Wedding invitations consist of an inner and outer envelope. The inner envelope contains the invitation itself and a response card. The outer envelope lists the recipient's address on the front of the envelope and the return address on the back. The host of the wedding is generally responsible for sending out the wedding invitations and whose address is used as the return address.
Use the address of the wedding's host on the back flap of the envelope containing the wedding invitation. If the hosts are the bride's parents then their address will be printed on the flap. If the wedding is hosted by the bride and groom, traditionally only the bride's address is listed on the envelope. Traditionally the names of the hosts are not printed in the return address; however, this is your choice and can be included.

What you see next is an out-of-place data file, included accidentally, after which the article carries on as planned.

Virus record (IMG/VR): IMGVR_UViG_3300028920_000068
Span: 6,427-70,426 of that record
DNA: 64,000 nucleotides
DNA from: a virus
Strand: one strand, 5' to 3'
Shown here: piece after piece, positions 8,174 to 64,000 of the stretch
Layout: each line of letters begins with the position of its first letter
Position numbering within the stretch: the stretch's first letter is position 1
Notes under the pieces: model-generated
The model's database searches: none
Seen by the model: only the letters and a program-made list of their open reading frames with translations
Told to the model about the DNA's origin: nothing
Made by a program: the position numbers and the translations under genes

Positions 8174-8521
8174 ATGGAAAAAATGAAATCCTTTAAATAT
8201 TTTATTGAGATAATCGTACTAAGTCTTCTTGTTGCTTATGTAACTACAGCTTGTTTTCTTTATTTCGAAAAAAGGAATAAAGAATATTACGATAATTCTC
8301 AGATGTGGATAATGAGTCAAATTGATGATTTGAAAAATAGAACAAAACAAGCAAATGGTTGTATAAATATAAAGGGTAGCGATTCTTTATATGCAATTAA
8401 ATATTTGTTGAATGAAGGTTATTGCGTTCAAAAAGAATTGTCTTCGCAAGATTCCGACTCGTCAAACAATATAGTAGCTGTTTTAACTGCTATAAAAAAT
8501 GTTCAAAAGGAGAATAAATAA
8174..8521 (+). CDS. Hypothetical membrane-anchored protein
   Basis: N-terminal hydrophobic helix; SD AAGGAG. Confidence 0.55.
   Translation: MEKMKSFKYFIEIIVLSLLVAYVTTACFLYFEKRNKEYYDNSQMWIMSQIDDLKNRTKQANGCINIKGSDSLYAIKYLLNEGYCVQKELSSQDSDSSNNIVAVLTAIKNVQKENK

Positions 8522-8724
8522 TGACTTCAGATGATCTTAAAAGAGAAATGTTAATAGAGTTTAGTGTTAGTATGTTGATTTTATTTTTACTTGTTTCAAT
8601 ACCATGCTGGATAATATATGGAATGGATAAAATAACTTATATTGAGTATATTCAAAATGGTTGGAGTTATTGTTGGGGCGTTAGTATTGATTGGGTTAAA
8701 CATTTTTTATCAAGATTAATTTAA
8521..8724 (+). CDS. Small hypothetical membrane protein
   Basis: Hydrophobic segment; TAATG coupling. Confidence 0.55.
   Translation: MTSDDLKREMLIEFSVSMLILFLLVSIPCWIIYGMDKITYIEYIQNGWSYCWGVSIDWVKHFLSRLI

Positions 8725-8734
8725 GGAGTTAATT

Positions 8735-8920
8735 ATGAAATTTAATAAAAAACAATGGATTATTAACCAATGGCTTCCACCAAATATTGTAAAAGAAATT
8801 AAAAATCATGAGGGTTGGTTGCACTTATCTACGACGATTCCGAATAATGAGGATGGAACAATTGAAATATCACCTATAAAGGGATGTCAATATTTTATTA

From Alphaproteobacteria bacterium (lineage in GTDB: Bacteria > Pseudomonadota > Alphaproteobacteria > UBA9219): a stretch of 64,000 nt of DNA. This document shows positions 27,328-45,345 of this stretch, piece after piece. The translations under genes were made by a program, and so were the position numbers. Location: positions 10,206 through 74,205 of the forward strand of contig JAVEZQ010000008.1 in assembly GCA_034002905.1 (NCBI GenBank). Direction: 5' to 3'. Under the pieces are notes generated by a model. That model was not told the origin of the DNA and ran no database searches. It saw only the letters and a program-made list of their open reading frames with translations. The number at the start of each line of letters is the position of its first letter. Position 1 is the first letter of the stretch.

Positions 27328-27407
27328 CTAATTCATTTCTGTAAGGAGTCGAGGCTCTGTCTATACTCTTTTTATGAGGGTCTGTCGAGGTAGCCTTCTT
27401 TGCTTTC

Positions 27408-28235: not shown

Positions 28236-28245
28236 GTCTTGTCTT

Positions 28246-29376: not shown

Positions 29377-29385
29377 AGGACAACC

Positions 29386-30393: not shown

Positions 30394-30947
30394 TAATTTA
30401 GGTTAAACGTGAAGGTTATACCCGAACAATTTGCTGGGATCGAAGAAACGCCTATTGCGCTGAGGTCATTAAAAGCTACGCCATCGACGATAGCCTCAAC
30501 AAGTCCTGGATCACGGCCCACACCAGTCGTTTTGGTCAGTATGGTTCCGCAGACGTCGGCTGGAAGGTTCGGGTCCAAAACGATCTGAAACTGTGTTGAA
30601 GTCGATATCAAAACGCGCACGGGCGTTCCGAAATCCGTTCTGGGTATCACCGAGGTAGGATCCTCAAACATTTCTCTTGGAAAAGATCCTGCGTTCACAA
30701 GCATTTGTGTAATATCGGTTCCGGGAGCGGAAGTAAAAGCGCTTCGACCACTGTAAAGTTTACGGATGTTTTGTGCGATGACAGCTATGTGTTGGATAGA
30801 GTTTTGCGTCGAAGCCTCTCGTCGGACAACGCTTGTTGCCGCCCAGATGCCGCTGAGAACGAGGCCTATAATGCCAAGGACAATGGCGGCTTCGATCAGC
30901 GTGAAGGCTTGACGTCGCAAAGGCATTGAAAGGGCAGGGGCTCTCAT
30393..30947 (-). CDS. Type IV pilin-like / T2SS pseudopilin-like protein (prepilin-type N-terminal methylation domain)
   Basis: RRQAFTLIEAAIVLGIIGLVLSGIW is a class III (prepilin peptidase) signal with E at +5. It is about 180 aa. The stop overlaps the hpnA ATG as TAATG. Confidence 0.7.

Write or have the address professionally printed or embossed on the envelope. Traditionally wedding invitations are handwritten, which gives them a personal touch, but can be quite time consuming. You can opt for computer-generated printing or embossing of the address in calligraphy or other such formal writing.
Write the address as the post office indicates, even though tradition states you should not abbreviate any names in the address. For instance, if the street address is 217 NW 1st, Portland, OR, print it as such. You may be tempted to write out the address in a more formal way, such as Two Hundred Seventeen North West First, Portland, Oregon, however the United States Postal Service prefers you to use standard abbreviations for states. Either way is OK, ultimately the choice is yours.
Wedding guests who are not able to come to the wedding can use the return address as a reference of where to send a gift.
The same color pen is used for all addresses on the envelope to keep them uniform. Black ink is commonly used to address wedding invitations.